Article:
What is a Transferable Letter of Credit and How Does it Work?

Apr 26, 2023 - 07:12 AMAuthor - Emerio Banque


What is a Transferable Letter of Credit?

A Transferable Letter of Credit is a letter of credit facility where the first beneficiary can transfer some or all of the credit to another party, known as the second beneficiary. This type of letter of credit gives the seller/exporter the authority to instruct the bank to pay or make the credit available completely or partly to one or more secondary beneficiaries. 

Transferable Letter of Credit Definition  

Let’s understand the meaning of Transferable LC in simple words. A transferable letter of credit is a trade finance instrument that allows the first or original beneficiary to transfer some or all the right of payment to another party, which creates a second beneficiary. 

The party that initially accepts the transferable letter of credit issued by the importer’s bank is referred to as the first, or primary beneficiary. A transferable LC is often used in international trade transactions to ensure timely payment to the supplier or manufacturer.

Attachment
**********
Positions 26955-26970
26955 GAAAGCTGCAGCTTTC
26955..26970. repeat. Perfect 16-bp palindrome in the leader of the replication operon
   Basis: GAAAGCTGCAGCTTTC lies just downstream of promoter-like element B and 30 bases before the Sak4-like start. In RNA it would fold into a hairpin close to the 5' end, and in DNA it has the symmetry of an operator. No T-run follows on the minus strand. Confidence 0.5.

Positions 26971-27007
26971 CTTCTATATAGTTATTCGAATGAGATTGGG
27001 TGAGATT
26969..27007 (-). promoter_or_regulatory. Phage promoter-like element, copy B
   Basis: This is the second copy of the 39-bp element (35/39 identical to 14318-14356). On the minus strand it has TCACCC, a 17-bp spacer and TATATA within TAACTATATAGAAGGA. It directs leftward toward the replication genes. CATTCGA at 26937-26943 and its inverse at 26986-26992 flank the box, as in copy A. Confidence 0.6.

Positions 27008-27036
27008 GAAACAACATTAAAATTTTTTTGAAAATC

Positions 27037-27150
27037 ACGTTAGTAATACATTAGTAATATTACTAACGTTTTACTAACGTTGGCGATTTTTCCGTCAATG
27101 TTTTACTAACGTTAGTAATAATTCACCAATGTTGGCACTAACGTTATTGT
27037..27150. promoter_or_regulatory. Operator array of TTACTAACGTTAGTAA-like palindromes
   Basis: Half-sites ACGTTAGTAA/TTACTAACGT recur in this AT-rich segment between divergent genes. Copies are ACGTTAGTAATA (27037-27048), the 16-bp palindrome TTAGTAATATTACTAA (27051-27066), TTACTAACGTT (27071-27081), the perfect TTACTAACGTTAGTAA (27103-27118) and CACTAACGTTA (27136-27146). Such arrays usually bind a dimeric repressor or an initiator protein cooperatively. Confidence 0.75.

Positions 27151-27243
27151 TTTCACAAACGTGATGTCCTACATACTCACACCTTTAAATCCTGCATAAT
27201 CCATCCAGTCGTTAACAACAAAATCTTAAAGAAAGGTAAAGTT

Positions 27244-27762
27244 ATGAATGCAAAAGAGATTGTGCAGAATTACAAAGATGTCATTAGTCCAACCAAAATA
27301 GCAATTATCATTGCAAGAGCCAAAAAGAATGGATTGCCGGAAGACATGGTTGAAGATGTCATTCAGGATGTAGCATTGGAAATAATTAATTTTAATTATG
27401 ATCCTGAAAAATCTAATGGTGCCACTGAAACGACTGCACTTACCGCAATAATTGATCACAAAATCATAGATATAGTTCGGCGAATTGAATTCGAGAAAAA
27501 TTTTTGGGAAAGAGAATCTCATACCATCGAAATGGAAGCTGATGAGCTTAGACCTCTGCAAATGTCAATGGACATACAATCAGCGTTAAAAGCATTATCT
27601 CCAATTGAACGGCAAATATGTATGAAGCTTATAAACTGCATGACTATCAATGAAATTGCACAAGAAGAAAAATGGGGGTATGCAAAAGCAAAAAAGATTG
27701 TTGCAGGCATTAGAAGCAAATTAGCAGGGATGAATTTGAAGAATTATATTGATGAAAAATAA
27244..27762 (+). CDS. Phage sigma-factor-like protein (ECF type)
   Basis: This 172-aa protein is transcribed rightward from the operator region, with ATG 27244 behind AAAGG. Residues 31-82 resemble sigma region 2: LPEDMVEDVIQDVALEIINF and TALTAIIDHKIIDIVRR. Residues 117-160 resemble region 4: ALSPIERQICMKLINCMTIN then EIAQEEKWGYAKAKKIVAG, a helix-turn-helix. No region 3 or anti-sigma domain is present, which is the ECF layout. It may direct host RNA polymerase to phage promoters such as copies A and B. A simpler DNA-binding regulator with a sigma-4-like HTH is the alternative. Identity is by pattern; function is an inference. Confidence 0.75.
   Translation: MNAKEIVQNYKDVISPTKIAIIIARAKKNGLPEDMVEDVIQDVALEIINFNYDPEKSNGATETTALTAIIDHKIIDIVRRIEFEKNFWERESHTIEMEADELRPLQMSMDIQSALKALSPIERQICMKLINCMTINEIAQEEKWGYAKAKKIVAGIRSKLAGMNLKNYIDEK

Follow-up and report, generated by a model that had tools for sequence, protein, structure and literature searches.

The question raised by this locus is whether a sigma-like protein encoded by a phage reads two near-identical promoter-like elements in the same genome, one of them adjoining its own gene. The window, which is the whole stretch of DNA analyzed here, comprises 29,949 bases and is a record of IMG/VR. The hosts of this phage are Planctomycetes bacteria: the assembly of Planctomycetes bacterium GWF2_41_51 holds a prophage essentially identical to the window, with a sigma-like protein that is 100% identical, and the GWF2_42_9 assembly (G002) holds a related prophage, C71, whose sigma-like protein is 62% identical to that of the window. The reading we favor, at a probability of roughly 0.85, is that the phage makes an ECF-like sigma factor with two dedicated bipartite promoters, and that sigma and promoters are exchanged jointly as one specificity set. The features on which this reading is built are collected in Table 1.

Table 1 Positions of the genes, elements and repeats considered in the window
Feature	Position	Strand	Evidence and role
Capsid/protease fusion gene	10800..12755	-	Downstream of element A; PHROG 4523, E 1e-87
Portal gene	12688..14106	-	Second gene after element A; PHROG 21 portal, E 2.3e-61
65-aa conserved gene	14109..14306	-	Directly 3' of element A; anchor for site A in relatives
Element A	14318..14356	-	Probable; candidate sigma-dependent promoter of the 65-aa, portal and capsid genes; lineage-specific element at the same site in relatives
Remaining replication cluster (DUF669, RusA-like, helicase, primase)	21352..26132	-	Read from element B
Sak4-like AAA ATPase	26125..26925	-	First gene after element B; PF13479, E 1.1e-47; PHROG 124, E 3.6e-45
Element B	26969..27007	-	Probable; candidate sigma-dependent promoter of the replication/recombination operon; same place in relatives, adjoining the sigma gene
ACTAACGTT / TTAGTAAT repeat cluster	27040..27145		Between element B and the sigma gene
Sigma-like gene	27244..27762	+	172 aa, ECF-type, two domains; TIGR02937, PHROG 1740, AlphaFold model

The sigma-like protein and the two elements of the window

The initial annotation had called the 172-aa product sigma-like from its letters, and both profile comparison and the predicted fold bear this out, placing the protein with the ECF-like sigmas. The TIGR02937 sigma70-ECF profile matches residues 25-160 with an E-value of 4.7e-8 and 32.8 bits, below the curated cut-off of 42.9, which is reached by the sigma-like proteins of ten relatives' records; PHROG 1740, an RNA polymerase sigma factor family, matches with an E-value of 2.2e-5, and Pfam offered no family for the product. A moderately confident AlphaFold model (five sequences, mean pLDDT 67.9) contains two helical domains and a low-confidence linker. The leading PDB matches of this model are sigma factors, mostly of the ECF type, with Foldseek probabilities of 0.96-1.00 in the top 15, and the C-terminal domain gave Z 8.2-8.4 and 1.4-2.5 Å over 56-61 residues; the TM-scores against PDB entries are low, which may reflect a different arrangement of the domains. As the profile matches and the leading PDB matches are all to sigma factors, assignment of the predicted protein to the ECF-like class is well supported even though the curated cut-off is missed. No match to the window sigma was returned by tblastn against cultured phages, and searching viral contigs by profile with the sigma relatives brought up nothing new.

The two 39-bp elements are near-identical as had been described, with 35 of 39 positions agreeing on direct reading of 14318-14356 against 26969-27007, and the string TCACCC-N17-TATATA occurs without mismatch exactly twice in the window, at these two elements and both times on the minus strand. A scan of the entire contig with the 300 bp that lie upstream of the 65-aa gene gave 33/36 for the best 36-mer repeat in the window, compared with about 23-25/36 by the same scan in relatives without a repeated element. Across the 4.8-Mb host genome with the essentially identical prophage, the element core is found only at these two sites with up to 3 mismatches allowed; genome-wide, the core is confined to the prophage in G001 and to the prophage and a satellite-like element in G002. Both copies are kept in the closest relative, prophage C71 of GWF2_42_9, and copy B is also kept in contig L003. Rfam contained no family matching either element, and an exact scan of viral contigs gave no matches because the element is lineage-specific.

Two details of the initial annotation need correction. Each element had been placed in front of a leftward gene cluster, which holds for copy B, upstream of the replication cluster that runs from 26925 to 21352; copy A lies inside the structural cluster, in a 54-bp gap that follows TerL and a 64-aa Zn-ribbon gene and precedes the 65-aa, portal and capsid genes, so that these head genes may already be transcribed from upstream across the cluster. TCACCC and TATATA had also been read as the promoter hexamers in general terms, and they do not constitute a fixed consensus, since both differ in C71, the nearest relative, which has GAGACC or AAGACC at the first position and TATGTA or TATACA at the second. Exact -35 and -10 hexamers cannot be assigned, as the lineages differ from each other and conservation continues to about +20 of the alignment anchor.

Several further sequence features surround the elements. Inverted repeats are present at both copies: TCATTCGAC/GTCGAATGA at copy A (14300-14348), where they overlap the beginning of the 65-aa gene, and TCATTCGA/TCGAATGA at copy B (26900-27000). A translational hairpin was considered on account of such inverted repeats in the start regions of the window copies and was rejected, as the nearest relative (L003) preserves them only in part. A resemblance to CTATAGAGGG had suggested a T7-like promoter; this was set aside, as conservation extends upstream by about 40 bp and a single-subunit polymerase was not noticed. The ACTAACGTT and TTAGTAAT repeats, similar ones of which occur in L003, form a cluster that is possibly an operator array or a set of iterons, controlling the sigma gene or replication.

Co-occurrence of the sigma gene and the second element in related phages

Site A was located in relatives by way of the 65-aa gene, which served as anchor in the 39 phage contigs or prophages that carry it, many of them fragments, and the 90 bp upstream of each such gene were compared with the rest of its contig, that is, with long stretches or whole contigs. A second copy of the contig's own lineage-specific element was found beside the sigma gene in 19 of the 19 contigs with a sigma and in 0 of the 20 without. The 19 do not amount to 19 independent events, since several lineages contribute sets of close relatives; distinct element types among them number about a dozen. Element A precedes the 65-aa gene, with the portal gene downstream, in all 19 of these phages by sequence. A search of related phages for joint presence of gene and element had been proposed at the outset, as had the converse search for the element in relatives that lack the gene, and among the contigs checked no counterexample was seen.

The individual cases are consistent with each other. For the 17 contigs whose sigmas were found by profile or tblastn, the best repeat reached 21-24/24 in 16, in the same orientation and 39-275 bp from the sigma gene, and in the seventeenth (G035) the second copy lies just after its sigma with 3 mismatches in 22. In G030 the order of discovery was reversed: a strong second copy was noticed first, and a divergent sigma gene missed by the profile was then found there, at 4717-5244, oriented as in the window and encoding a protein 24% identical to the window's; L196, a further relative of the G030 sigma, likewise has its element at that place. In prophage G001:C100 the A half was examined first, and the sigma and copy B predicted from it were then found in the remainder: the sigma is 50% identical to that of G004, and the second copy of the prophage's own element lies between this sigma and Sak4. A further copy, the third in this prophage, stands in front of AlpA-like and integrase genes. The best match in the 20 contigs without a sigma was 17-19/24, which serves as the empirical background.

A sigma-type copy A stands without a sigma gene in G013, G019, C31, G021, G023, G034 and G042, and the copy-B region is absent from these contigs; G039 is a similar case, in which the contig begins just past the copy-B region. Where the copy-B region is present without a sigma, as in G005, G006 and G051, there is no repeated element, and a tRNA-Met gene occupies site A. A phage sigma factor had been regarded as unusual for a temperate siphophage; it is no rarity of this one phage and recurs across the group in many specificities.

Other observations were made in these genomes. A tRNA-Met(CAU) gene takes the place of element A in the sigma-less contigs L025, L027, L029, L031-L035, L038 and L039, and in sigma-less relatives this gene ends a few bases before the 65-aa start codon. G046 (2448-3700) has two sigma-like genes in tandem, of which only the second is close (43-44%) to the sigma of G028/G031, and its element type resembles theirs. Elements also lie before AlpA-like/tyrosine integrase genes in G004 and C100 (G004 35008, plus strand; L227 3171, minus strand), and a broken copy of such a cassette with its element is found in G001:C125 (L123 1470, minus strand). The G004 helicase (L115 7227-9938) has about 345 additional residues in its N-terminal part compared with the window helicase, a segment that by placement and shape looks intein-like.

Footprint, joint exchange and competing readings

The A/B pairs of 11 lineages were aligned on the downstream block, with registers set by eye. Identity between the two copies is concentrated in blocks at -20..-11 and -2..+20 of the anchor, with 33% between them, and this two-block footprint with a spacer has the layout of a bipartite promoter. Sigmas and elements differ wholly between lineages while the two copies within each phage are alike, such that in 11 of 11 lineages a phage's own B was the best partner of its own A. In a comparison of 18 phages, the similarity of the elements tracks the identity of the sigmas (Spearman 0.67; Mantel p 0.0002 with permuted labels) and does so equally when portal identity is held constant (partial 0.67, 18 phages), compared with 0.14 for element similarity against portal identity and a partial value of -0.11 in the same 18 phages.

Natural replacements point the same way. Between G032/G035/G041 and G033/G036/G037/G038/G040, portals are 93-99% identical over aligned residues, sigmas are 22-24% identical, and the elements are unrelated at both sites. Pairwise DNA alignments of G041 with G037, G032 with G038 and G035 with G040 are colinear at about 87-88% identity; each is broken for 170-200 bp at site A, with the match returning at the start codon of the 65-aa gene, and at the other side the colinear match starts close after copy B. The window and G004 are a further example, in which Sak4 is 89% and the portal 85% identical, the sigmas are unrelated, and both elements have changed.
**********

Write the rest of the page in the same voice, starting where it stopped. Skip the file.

Key Takeaways:

1. The ultimate agenda of a transferable Letter of credit is to enable the original or initial beneficiary to transfer the right of payment to another beneficiary which they owe. 
2. The first beneficiary is authorized to transfer part or all of the right of payment to  a second beneficiary.
3. Since applying for a letter of credit is a much more detailed process and can lead to payment delays and additional fees, issuance of a transferable LC ensures sound cash flow for third-party manufacturers.
4. The parties involved in a transferable letter of credit, in addition to the bank, include the applicant (the buyer of goods/service), the first beneficiary (A retailer or broker), and the second beneficiary (A supplier or manufacturer).